# Find the solution to this Differential Equation

1. Aug 23, 2014

### rodolfomz

1. The problem statement, all variables and given/known data

Find the solution to $\frac{dy}{dx} = yLn(y + 1)$

2. Relevant equations

$\frac{dy}{dx} = yLn(y + 1)$

3. The attempt at a solution

$\frac{dy}{dx} = yLn(y + 1)$

$\frac{dy}{yLn(y + 1)} = dx$

but then i cant integrate, any help?

2. Aug 23, 2014

### Staff: Mentor

Using a substitution (u = ln(y + 1)) I was able to get to this integral:
$$\int \frac{du}{u} + \int \frac{du}{u(e^u + 1)}$$
The first integral is very simple. The second might be amenable to another substitution, but I didn't go any further.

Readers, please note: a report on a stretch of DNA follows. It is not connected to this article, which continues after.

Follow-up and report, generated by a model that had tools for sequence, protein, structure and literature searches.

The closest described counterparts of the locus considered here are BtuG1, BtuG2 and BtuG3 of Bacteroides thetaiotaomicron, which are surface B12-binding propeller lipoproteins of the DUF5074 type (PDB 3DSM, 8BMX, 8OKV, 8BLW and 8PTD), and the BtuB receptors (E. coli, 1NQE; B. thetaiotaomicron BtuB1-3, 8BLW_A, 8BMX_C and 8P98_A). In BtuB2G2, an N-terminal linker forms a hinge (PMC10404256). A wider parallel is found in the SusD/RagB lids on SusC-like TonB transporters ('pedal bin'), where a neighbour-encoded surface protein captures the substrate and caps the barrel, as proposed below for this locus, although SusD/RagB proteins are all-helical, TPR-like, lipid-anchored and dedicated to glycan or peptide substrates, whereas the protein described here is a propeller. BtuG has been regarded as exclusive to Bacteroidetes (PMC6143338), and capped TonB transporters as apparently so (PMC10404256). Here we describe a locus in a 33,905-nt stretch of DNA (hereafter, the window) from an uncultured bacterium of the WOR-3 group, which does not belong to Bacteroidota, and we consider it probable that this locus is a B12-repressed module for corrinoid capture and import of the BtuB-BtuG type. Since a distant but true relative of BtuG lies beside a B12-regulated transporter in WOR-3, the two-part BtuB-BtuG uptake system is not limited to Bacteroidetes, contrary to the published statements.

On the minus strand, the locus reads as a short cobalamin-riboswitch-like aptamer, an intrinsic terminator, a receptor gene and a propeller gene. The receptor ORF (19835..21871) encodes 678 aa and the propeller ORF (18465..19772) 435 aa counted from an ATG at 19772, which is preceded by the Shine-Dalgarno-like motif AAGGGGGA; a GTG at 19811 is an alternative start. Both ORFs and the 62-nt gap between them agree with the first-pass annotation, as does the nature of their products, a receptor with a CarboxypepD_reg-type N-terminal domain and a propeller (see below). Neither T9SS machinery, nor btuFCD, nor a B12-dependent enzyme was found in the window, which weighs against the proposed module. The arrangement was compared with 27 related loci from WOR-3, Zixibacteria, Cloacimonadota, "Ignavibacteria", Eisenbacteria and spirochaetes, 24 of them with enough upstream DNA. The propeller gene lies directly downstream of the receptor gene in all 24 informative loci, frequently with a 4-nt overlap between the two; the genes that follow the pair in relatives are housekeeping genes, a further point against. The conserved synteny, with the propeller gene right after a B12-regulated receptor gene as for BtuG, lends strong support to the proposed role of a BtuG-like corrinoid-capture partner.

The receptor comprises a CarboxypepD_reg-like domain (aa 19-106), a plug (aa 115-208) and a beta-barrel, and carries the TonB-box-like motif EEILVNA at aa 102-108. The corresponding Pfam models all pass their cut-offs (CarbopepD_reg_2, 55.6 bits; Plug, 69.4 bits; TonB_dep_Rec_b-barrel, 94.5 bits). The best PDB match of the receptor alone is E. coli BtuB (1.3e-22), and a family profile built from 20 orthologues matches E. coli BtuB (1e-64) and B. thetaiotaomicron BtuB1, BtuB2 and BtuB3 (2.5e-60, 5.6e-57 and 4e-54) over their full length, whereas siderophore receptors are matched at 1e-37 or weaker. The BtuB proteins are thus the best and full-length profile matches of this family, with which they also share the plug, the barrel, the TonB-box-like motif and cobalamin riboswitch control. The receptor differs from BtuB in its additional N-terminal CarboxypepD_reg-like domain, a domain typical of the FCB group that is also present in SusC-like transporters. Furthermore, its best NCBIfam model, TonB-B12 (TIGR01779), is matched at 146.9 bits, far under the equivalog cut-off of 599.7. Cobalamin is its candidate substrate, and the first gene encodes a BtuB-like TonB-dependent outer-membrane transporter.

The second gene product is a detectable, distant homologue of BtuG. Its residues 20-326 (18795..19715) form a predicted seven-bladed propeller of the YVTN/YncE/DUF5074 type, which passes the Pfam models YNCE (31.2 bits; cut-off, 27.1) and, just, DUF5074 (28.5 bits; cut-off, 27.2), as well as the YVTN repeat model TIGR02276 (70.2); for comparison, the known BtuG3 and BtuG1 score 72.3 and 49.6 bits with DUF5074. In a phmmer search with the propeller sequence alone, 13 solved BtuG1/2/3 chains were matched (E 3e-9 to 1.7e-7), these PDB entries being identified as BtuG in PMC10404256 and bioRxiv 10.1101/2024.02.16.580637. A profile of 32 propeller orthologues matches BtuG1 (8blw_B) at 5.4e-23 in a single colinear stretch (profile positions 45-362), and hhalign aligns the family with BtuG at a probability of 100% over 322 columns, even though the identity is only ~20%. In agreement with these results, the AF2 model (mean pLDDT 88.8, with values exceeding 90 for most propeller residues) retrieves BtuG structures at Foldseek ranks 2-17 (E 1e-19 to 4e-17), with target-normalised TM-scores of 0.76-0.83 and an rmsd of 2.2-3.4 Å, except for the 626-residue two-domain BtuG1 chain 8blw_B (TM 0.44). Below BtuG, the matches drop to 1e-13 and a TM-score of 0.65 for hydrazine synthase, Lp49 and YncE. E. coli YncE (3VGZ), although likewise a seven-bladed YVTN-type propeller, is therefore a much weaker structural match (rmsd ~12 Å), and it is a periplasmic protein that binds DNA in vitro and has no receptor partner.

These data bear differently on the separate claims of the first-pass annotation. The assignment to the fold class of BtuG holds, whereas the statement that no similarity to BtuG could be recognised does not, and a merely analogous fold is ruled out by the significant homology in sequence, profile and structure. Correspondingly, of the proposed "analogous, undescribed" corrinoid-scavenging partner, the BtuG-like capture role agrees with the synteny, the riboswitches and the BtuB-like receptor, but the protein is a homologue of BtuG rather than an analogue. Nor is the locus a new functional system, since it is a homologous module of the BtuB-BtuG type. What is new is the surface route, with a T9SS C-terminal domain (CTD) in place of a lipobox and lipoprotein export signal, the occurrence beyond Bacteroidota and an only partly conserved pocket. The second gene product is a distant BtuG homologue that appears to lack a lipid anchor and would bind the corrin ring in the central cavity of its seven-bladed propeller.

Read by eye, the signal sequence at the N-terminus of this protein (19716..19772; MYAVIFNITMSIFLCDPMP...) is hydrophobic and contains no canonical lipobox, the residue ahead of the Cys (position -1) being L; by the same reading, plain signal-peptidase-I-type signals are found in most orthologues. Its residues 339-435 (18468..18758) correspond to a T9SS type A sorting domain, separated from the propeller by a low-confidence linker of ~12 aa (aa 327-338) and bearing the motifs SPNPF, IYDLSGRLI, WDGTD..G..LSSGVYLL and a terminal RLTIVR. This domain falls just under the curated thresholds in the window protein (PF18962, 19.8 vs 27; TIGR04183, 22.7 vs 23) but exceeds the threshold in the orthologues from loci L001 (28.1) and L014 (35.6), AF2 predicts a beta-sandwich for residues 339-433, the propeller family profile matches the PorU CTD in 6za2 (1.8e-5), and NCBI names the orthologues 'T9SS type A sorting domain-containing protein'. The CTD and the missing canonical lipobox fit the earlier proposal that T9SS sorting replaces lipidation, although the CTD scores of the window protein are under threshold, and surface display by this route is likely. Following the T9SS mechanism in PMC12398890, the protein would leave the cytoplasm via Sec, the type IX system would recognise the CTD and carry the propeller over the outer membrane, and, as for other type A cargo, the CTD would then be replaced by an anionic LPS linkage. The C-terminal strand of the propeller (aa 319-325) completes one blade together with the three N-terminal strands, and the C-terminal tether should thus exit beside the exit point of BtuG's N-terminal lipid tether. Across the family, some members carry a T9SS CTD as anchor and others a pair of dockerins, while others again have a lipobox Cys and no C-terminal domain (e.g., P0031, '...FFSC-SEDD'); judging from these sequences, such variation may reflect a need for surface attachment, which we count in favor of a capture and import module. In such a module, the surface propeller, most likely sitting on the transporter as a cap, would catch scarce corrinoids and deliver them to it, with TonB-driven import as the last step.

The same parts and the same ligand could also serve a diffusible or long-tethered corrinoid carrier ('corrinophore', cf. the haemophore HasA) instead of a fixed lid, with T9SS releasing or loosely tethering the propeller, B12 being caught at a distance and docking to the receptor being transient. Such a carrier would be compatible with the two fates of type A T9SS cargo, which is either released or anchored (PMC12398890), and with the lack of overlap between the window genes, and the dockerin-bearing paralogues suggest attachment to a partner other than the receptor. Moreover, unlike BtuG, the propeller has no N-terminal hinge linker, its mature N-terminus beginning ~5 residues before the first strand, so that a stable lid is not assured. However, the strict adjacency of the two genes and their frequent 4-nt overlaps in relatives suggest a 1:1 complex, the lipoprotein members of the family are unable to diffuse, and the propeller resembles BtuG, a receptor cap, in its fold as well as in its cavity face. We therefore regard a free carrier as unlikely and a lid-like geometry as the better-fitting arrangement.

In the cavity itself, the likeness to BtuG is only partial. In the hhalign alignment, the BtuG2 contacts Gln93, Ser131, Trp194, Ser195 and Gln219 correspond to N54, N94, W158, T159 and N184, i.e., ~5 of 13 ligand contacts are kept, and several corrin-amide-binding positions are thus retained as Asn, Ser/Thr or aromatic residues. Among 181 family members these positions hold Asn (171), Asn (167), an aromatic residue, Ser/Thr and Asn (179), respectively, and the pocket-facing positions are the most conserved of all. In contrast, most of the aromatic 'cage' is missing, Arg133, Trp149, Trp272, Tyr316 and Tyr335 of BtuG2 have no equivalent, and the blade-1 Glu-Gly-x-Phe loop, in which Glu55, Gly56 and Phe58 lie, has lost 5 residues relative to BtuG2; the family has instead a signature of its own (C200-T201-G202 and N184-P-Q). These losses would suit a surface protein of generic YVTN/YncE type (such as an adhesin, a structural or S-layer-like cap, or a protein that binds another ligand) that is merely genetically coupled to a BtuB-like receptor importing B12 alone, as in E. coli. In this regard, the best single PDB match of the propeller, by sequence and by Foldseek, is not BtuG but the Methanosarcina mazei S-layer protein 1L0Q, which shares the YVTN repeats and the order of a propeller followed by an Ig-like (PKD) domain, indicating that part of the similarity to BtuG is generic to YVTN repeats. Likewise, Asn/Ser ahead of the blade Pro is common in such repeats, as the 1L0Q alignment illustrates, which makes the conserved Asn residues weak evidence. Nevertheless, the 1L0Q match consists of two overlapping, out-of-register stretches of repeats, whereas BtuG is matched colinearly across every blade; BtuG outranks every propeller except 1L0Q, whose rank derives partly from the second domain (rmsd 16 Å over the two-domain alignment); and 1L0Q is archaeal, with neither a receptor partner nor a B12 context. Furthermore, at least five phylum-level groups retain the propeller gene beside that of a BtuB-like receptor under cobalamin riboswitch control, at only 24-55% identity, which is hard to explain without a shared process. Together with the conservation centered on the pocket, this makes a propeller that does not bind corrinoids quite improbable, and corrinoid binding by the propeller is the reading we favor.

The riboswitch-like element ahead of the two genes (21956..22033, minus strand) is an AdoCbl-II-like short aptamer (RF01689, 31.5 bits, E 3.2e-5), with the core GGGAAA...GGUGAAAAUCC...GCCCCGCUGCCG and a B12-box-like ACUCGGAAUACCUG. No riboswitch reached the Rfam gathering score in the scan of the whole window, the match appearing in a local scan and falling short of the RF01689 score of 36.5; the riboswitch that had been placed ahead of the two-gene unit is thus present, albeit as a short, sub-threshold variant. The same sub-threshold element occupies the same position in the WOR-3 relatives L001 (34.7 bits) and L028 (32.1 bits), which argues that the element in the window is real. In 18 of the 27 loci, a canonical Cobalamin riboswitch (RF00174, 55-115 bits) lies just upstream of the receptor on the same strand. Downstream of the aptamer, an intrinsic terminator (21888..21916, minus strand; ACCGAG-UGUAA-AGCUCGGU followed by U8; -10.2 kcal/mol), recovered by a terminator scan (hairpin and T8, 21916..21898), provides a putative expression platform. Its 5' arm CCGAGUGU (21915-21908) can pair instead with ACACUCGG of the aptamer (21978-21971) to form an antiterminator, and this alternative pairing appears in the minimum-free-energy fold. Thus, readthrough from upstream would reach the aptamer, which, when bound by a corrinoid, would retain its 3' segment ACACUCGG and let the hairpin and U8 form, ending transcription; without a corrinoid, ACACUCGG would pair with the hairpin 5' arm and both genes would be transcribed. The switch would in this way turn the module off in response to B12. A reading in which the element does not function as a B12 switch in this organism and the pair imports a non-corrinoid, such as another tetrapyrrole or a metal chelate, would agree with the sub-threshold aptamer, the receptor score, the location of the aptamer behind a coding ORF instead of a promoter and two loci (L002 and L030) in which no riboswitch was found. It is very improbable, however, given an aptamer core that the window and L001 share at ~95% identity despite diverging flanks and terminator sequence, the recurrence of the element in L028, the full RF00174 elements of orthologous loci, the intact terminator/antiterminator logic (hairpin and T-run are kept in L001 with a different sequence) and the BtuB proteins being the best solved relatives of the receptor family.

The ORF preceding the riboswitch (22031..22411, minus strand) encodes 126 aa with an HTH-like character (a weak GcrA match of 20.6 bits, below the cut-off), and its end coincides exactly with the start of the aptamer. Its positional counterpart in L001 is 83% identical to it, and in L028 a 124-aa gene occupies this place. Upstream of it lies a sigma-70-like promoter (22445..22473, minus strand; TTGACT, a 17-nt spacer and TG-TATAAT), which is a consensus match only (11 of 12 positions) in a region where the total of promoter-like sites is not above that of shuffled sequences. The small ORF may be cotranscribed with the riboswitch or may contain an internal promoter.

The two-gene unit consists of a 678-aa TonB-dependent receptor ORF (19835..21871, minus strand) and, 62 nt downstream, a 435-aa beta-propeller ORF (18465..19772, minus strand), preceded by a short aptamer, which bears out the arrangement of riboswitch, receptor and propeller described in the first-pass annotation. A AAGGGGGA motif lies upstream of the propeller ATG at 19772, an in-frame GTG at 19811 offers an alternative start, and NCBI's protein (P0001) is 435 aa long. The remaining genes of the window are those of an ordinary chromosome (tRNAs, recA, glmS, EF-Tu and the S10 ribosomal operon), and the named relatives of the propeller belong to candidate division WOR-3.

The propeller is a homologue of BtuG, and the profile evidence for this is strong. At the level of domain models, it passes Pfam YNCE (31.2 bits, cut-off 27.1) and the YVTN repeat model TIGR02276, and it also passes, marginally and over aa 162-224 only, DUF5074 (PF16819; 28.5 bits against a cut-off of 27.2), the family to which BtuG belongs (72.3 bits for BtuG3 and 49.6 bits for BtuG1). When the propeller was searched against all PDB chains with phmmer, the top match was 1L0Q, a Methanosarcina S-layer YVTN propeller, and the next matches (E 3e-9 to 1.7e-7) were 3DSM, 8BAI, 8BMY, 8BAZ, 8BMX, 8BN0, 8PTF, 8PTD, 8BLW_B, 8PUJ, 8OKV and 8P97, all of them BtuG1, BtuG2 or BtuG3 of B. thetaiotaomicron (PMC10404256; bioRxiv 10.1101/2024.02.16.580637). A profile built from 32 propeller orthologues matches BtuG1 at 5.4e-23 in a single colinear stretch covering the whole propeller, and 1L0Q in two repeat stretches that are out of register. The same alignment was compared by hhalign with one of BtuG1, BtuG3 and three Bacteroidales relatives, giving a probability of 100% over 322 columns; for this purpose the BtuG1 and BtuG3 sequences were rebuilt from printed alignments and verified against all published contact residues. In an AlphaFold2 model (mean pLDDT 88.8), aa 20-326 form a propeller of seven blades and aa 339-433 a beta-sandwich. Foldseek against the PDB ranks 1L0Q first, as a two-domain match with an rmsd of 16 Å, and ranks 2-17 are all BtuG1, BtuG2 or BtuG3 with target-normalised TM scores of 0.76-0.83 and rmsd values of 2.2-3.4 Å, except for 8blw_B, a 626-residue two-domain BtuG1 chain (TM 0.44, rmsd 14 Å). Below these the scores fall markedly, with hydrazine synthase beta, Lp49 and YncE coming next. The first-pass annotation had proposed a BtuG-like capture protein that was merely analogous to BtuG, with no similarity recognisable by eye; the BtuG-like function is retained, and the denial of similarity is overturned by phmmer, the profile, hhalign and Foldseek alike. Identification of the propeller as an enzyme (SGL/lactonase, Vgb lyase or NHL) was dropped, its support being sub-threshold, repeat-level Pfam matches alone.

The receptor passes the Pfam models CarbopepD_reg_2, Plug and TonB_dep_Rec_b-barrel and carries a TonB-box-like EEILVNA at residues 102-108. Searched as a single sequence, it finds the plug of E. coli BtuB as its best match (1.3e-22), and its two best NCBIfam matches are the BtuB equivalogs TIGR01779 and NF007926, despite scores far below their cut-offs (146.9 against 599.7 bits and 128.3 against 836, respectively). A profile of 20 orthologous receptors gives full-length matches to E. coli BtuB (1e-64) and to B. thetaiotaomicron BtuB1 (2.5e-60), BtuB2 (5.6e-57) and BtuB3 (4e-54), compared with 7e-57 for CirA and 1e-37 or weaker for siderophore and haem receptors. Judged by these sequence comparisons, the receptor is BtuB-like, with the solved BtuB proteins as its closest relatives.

3. Aug 23, 2014

### rodolfomz

thats what I have

$∫\frac {dy}{y*ln(y+1)}=∫dx$
changing variables
$u=ln(y+1) ; du=\frac{dy}{y+1}$

$\int \frac{e^u*du}{(u)*(e^u -1)} = x$
which is the same as

$\int \frac{du}{u}*\frac{e^u}{e^u-1} = x$

and then resolving by parts dv= du/u and u=e^u/e^u-1

$\frac{e^u}{e^u-1}+\int \frac{ln(u)*e^udu)}{(e^u-1)^2}$

im stuck here

4. Aug 23, 2014

### LCKurtz

I doubt there is an elementary antiderivative. Where did this problem come from?